Love, happiness & beauty | An Inspiring Family Photoshoot | Guest Blogged by Anne

August 07, 2013  •  28 Comments

This is a very different blog post, mainly because I didn't write it !

Anne very kindly agreed to guest blog for me after she won my Mother's Day Competition, I know its a little late to share a Mother's Day shoot but Hannah's disability meant that we needed to wait for the weather to be a little warmer so we delayed the shoot.

I'm not going to add to Anne's beautiful words which she has written from her heart other than to say that I went to St Annes expecting to meet a family with a disabled daughter, what I actually met was a family overflowing with love and happiness with a beautiful little girl and I feel very privileged to have met & photographed them.

I have two things to ask:

Please, please, please read Anne's words - they are written from the heart in the hope of encouraging a change in attitude towards disability.

Secondly, when you've read them please watch the slideshow - I don't normally include a full shoot in a blog post but this is a different post! I hope that most people can see the love & beauty that I saw & felt on this shoot.

Anne's words :

For quite some time I'd had this urge to write a blog; partly for cathartic reasons, partly to gently change people's attitudes towards people with a disability but mostly because I'm an overwhelmingly proud mummy of Hannah ; an incredibly inspiring, scrumptious, wonderful little girl.

And then, I lost my mojo. I'm not quite sure where it went, but it totally deserted me.

My usually invaluable Ipad decided to eat all my ideas and notes i'd acquired over the past few months and for a split second I was pretty miffed.  For my first blog, at least, I had a desire to write something beautiful and inspiring - and maybe a little bit funny too - and most definitely long winded and grammatically incorrect (but hey, you can't have everything, right?) but nothing I seemed to write after that came out as I'd wanted it to.

And then, recently, something very tragic happened to someone I know and it threw me back to a time over 3 years ago when I was sat in a hospital waiting room with my husband, unable to speak, move, breathe; willing for someone to enter the room and tell us that our child had been resuscitated and not died.  So I felt compelled to write something.  Part of my chosen theme sort of (ish) ties in with how I got to meet Janet (J Broughton Photography) in the first place...so here goes, apologies in advance for the long windedness but I have a lot to share...my first blog attempt...and maybe (but hopefully not) my last!...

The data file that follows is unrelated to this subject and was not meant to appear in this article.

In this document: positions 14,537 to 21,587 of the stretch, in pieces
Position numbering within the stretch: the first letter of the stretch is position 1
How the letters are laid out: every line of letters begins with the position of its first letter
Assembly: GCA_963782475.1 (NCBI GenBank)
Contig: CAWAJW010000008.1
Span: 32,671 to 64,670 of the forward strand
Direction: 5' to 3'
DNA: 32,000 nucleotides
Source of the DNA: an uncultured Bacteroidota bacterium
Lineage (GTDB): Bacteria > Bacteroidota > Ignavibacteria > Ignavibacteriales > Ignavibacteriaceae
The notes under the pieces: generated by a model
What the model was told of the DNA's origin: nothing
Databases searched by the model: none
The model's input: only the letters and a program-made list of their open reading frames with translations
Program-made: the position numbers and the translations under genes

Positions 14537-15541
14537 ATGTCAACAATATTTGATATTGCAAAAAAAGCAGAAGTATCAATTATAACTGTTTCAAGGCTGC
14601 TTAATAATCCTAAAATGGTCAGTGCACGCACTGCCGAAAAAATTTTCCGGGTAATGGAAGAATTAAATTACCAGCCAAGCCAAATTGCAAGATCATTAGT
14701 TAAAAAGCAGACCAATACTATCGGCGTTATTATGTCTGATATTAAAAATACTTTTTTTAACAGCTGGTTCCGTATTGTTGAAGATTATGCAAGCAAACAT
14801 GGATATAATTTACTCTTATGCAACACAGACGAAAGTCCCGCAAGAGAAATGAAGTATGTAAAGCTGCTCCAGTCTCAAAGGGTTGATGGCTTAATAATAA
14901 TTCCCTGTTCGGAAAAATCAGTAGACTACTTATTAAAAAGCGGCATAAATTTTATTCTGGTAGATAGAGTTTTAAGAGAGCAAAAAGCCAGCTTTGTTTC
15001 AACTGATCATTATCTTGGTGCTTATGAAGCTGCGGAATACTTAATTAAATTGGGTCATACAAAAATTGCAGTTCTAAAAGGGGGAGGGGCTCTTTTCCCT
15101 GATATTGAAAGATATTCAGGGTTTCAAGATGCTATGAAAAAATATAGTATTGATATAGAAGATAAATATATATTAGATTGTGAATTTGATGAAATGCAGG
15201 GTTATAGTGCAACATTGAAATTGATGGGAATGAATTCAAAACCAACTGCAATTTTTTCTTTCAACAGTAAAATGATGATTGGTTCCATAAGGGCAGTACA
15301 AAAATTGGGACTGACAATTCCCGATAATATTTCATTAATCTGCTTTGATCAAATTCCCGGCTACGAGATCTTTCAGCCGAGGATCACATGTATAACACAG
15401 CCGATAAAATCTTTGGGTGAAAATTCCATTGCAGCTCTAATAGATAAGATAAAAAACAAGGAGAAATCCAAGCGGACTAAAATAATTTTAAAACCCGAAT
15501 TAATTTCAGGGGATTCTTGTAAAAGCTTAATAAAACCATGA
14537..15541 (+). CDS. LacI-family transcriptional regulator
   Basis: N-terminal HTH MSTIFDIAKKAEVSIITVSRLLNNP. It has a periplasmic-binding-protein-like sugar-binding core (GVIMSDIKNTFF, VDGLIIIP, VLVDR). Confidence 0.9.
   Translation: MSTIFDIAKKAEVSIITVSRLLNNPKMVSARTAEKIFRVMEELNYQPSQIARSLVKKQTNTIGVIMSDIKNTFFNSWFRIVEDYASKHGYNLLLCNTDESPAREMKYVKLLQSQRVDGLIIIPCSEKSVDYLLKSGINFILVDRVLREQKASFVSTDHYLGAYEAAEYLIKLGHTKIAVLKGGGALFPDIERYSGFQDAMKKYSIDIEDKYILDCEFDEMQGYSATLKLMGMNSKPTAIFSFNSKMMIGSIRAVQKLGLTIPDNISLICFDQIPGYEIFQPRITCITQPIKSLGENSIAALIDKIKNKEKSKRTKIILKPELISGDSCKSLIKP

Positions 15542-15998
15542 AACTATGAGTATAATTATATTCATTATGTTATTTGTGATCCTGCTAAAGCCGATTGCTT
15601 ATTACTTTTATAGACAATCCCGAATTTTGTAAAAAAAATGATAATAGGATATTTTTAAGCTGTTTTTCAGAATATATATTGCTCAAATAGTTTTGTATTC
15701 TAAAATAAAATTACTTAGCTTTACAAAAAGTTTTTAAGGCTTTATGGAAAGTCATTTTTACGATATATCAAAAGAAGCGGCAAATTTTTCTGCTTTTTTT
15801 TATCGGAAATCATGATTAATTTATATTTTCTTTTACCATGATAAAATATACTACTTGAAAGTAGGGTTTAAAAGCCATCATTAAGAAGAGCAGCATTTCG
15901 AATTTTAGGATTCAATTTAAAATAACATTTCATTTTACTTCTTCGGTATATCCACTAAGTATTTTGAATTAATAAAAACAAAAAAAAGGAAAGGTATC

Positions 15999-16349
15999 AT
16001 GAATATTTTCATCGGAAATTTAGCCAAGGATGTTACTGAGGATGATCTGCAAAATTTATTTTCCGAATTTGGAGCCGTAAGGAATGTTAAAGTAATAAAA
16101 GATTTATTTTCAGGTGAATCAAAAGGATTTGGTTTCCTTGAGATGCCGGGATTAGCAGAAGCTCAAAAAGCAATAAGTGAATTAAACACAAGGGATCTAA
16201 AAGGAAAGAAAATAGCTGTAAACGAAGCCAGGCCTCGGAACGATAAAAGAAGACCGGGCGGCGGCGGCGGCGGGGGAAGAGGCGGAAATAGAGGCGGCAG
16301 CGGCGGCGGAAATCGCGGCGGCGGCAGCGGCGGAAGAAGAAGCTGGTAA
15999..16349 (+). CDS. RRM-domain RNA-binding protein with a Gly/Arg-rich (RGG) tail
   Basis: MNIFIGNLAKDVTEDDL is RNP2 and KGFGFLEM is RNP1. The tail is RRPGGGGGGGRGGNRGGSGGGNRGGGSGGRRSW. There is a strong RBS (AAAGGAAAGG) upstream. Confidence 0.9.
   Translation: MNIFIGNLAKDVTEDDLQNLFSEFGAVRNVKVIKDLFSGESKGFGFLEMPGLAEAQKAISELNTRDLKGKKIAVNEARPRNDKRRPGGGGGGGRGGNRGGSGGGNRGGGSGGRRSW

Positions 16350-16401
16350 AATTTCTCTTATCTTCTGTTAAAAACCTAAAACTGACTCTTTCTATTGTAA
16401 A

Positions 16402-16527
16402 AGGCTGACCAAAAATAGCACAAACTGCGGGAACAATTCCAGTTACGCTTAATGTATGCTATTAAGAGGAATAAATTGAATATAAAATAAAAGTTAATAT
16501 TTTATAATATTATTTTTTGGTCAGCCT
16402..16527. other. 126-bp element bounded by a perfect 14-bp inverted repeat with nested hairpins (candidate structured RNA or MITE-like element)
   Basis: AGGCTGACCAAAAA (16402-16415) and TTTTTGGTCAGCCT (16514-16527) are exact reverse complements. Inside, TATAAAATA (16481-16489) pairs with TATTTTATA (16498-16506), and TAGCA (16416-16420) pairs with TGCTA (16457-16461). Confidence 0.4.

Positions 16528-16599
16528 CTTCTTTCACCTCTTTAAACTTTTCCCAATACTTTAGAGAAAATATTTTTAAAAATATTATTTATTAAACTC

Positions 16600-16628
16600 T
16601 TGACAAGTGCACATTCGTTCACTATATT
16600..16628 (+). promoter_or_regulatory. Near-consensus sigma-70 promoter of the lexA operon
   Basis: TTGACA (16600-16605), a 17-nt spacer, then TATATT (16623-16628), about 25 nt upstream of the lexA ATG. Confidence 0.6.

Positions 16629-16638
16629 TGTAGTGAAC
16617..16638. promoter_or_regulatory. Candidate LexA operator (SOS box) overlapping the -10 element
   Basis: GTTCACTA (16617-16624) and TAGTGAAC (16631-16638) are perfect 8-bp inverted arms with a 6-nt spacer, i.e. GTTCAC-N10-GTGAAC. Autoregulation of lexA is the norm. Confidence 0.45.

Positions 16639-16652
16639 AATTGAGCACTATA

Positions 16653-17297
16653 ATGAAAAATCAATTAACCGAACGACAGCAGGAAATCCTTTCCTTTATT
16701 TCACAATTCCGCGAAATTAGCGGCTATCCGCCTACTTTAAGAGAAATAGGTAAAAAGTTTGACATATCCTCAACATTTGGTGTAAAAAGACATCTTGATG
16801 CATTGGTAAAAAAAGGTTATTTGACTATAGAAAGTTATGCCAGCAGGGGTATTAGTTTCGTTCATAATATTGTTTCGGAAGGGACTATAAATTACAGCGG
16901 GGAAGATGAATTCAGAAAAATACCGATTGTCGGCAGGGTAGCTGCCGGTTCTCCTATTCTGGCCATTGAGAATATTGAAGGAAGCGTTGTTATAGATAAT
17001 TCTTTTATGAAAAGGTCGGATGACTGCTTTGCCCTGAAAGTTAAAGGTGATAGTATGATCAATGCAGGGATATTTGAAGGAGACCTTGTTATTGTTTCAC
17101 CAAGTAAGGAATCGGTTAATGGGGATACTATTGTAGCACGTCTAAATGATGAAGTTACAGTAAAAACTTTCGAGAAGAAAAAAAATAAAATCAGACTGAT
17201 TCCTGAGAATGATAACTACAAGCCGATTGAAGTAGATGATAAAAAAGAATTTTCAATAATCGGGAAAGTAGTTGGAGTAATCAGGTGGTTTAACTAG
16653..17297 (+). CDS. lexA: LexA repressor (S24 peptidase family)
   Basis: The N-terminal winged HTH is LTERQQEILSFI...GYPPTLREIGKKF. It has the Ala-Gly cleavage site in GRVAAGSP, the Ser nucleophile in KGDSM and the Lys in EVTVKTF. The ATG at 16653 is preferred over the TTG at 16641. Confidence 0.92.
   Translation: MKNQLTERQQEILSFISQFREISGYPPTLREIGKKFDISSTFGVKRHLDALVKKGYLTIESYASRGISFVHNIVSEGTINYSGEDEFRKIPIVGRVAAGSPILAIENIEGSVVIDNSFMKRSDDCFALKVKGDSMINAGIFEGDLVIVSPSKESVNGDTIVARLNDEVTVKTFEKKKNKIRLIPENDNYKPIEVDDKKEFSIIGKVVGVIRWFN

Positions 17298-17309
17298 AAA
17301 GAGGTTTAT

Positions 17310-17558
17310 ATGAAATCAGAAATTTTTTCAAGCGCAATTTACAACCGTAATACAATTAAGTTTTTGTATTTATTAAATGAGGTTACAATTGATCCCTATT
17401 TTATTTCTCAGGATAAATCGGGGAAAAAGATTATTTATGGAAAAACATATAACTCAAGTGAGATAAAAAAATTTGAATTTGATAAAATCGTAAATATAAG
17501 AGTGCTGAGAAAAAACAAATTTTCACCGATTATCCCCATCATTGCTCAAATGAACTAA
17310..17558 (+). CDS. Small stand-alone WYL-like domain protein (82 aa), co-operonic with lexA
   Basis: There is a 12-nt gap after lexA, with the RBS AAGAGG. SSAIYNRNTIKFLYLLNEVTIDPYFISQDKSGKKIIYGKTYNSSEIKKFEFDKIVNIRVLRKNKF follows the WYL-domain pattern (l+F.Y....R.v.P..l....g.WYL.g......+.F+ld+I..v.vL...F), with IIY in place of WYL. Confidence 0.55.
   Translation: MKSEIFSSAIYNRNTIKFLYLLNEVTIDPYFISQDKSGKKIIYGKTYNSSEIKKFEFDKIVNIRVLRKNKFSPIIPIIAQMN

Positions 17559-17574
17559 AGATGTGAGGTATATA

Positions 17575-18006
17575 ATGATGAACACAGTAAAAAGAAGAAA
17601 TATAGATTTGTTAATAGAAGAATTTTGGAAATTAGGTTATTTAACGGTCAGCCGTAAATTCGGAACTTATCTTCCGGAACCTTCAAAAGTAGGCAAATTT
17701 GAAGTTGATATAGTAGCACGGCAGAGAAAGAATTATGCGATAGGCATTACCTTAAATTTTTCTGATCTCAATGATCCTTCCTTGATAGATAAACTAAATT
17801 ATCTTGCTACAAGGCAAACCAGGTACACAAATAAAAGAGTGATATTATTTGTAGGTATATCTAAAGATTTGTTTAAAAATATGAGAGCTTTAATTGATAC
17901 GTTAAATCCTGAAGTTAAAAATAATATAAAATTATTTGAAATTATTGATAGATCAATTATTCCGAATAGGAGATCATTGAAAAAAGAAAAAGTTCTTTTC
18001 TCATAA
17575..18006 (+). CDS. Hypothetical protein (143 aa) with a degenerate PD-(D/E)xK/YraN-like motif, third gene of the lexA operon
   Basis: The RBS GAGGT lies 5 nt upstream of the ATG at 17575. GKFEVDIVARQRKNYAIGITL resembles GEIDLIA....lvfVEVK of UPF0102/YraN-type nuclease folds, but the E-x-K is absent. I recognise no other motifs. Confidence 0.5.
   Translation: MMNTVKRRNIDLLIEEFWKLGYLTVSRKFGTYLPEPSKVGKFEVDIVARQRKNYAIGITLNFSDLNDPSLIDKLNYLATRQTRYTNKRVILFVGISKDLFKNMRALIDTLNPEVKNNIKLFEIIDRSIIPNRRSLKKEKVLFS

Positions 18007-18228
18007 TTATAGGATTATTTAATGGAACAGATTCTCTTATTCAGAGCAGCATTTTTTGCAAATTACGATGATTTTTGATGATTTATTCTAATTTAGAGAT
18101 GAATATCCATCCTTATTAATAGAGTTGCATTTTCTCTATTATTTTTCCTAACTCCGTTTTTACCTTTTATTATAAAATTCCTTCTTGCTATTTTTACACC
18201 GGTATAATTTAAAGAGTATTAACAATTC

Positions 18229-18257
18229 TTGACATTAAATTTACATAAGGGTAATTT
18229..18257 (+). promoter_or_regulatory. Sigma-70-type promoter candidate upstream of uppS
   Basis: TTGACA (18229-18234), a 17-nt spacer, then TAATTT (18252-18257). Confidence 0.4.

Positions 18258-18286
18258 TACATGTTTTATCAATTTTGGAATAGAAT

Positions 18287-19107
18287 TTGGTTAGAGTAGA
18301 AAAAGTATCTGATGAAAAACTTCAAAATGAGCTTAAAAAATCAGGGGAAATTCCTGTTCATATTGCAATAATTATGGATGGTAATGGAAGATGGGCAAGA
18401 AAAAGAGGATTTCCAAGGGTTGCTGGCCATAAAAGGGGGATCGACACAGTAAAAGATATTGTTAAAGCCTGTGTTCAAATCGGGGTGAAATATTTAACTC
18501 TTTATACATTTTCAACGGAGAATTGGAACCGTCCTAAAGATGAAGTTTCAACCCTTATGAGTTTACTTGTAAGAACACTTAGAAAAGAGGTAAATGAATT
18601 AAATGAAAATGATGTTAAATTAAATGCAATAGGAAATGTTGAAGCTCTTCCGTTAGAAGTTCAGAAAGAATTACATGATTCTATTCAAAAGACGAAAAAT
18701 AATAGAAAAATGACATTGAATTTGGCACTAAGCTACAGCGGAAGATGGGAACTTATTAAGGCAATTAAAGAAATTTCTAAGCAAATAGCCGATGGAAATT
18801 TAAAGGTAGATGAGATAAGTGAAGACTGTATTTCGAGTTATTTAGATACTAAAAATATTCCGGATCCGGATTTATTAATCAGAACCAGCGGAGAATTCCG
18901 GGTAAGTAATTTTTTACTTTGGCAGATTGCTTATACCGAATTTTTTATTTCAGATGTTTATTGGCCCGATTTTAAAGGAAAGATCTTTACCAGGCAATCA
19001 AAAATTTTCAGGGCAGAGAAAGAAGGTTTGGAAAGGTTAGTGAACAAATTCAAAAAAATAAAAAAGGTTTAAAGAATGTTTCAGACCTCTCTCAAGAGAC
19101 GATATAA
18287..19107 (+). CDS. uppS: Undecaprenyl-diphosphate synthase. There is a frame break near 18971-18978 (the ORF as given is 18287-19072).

On the morning of Mothers Day this year I received an email from Janet informing me that I'd won a photo shoot.  I was delighted.  Never one to normally enter competitions I wrote a heartfelt and quite personal email to Janet explaining why I thought I should win.  But this meant far more to me than a bunch of photos.  This, for me, would be a captured and forever cherished moment in time; just me and my girl...the little girl who I never thought I'd have. 

I'll spare you all the details of our journey over the last four years but here's a pen picture...Hopefully, it'll give you a flavour of why I'm writing.  Apologies in advance too if you find me adding humour in places where you think I shouldn't have.  But to be honest, given what we've been through, sometimes it's far better to try and find humour somewhere in a situation than to dwell on the painful bits.

After undergoing tests I was informed that  I'd more than likely never be able to conceive.  Then several years later in 2009 after a wonderful pregnancy and a relatively easy birth (although, amidst the gas and air, I do recall my husband moaning about his back hurting when he was holding my leg up!....hmmmm! Oh, and I did have my sister and husband in a head lock at one point too - sorry guys!) Hannah came into our lives. 

And then our world almost (but I emphasise the word 'almost') fell apart.

Still lay on the delivery bed whilst the midwife practised her newly acquired embroidery techniques on me we were informed that Hannah had been taken immediately to the special care baby unit where she and I then stayed for just over 3 weeks.  Needless to say, it was all quite a shock  (that's a bit of an understatement!).  We'd been given no indication whatsoever during our scans that there was any cause for concern. 

During that time on the ward we were bombarded with information and words such as dysmorphic, holes in heart, brain scans, heart defects, cleft palate, deaf, blind, may not walk, talk, brain damage, small hands and feet, no chin, naso gastric tube, mustn't lay flat- choke!, syndrome, physical disability, learning disability, tests, tests and more tests, oh the list was utterly ridiculously and overwhelmingly endless.   To be honest, they weren't the type of conversations I would have preferred after just giving birth; supposedly one of the happiest moments in our lives.

I felt utterly helpless, angry and disempowered. On a couple of occasions I had a meltdown, shed quite a few tears and questioned why Hannah? why us?...well, actually, why not Hannah or us? After all, stuff like this has to happen to someone, right?